Some Hospitals May Not Be Training Staff on Correct Use of Dilaudid

There is evidence that shows the pain medication Dilaudid is being prescribed incorrectly and leading to overdoses and even addiction problems.

If physicians and medical professionals are getting the dosage wrong on Dilaudid, it might be because it is three to five times more potent than morphine. Dosing guidelines changed about eight years ago, but the drug is still being prescribed at the wrong dosage, according to Outpatient Surgery Magazine.

Pain management has become one of the more challenging aspects of the medical field and getting it wrong can create a host of new problems. “Overdosing has been complicated by an apparent lack of understanding by some physicians and nurses of what represents a safe dose,” wrote Dr. Howard Marcus in the December 2011 issue of the magazine. The drug also can create problems for people using other central nervous system depressants or alcohol, he wrote.

Patients with other health issues could also be at risk if they are given Dilaudid for pain management. Patients with sleep apnea, kidney disease or congestive heart failure all can have unintended reactions with Dilaudid, he noted.

A woman in New Mexico is suing a hospital because she had a dangerous reaction to DIlaudid while being treated for severe abdominal pain. The woman was obese and suffered from sleep apnea. She had a seizure during her sleep in the hospital and nurses barely made it in time to save her, according to the Santa Fe New Mexican. The complaint alleged that the hospital did not adequately train its staff to monitor patients taking Dilaudid.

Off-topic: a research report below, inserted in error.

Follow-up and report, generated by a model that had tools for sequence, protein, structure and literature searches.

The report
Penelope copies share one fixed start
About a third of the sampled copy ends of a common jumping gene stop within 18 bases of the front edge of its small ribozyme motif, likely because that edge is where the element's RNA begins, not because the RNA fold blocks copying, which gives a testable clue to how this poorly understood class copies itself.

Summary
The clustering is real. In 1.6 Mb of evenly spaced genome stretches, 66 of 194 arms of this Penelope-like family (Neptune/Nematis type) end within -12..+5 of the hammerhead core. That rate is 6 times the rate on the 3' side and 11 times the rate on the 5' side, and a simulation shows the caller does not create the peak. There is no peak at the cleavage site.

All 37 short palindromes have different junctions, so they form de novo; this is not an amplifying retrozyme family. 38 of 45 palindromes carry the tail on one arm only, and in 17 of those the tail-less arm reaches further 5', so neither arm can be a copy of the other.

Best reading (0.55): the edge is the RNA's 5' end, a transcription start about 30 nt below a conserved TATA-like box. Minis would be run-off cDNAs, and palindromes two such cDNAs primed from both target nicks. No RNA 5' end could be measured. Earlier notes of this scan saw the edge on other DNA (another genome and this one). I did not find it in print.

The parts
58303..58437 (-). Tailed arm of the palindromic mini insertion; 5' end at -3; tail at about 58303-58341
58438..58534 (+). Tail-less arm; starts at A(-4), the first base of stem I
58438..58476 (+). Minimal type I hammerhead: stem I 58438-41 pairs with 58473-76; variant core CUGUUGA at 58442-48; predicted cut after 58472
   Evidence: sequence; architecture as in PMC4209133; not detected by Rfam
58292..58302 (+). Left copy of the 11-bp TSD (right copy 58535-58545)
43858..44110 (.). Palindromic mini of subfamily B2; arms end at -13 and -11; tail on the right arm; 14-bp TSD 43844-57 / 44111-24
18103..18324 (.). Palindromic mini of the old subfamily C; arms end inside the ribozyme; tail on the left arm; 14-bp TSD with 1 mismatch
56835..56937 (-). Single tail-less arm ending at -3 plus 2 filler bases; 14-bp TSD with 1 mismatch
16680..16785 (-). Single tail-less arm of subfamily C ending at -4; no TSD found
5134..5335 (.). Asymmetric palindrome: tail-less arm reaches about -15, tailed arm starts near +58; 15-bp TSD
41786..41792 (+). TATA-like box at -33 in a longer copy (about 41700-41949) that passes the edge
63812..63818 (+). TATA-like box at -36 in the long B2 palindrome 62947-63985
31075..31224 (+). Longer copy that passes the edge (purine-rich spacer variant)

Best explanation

The drug is a hydromorphone painkiller used for moderate to severe pain. Dilaudid is a semi-synthetic derivative of morphine and is classified as both a narcotic and an opiate, according to the Promises Treatment Centers website. Doctors prescribe it as an alternative to morphine because it has fewer side-effects, but since it is considerably stronger, there is a potential for abuse.

Doctors commonly order a Dilaudid at a rate of one to four milligram IV, according to Dr. Marcus. That order is similar to eight to 32 milligrams of morphine. After dosing recommendations changed, the new Dilaudid dosages should be 0.2 to 0.6 milligrams every two to three hours.

One large hospital group stopped using other narcotics and started using Dilaudid exclusively with tight controls. By removing meperidine/promethazine, which is no longer a first-line analgesic, the hospital’s staff was required to keep track of fewer types of drugs, dosages, side effects and uses, according to Dr. Marcus. This resulted in lowering the risk of respiratory depression as a result of narcotics.

Families of patients who suspect they have been injured or killed as a result of getting the wrong dose of Dilaudid can contact an attorney who specializes in personal injury and wrongful death.

Robert Briskman is a Chicago wrongful death attorney and Chicago wrongful death lawyer with Briskman Briskman & Greenberg. To learn more call 1.877.595.4878 or visit

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